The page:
Those responsible for brands have an unenviable task. Their aim is to make the brand part of everyday speech without it becoming part of everyday language. If that sounds convoluted, let me explain.
Big brands like Coca Cola or Apple want it to be natural for your to know, recognize and talk about their brand. When you ask for a cola drink, Coca Cola want you to ask for 'a Coke' and expect to get Coca Cola. But there is a lurking danger to becoming well known. It's genericization. (Is that a word? Don't care.)
In the UK, at least, the term 'Coke' for a cola has taken on a degree of the generic. Most people wanting a cola will ask for 'a Coke'. Very few will ask for a Pepsi. However, even if they have a preference (which I do), most will happily accept a Pepsi when asking for 'a Coke.' But they wouldn't expect to be given a Panda Cola. 'A coke' has become generic for a big name (probably US owned) cola, but doesn't cover the whole spectrum.
To see the generic brand in all it's glory, you've only got to look at Hoover's products. In the UK, 'hoover' is pretty well the standard word for a vacuum cleaner (with 'to hoover' as a verb). It has lost its association with the brand name. I don't know how Hoover feels about this. I do know that Dyson got pretty irritated when I kept referring to their products as hoovers when I went round their factory for a radio programme. I think if I owned Hoover, I wouldn't be too upset - at least it keeps the brand in mind. This seems to be the attitude of Coca Cola.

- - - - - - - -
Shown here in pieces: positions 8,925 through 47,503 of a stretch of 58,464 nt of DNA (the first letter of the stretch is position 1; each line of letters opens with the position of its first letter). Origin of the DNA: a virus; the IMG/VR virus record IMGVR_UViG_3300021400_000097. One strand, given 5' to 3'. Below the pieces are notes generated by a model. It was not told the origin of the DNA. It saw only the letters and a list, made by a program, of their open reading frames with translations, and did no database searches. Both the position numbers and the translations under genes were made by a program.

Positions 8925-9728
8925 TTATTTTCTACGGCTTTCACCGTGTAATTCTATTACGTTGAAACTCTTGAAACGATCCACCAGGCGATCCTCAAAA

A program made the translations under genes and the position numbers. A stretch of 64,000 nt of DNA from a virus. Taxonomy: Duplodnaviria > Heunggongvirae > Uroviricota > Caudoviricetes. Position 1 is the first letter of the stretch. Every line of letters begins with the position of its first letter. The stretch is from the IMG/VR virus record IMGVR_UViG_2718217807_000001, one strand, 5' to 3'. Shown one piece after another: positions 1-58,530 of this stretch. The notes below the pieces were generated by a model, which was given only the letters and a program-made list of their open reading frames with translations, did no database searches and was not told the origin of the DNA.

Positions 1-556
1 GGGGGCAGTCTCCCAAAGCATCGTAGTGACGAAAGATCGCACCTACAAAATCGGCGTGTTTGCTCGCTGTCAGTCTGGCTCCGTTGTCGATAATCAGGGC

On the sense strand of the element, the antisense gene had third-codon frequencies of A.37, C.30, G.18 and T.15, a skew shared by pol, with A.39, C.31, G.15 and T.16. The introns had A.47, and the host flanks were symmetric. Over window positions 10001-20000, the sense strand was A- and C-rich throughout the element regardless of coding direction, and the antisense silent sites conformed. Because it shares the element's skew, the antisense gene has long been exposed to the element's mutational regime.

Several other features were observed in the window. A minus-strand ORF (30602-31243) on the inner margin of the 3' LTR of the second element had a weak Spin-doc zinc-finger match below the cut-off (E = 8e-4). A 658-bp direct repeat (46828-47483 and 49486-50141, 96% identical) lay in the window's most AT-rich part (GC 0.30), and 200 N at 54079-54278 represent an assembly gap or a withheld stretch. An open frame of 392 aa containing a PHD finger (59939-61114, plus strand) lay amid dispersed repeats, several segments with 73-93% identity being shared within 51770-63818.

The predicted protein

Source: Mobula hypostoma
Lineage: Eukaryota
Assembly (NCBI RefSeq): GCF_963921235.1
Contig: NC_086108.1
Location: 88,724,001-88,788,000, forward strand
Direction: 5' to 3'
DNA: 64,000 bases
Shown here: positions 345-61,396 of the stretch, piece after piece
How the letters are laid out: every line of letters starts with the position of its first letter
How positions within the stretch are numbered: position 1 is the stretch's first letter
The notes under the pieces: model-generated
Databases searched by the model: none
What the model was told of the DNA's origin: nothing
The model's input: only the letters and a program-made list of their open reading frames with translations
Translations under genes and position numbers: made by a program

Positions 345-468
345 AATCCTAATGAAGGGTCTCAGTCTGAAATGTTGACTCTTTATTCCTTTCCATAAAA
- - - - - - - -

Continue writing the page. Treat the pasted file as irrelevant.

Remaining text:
However one company that gets a bee in its bonnet about misuse of its name is Rolls Royce. Many years ago I wrote a review for PC Week magazine about a program called WinFax Pro. This was, at the time, the best computer fax program around, and back then (we're talking 1994), when a lot of people still didn't have email, computer-based fax was really important for business. I refered to WinFax as 'the Rolls Royce of fax software' a usage so common that it's pretty well a cliché. So far, so good. But WinFax used the quote from the review in their advertising, and Rolls Royce came down on them like the equally clichéd ton of bricks. They seem to have accepted the term's use in reviews, but don't like other companies making commercial use of their name, even if the implication is very positive for RR, as it smacks of the dreaded g word.
They talk about writers being brands these days. I wonder who will be come generic first. 'What a load of Dan Brown,' they might say. Or 'I've had a Stephen King of a day.' Or 'I prefer restaurants with plain English menus, this is so Martin Amis.' Actually, I rather like this idea. You never know. It might catch on.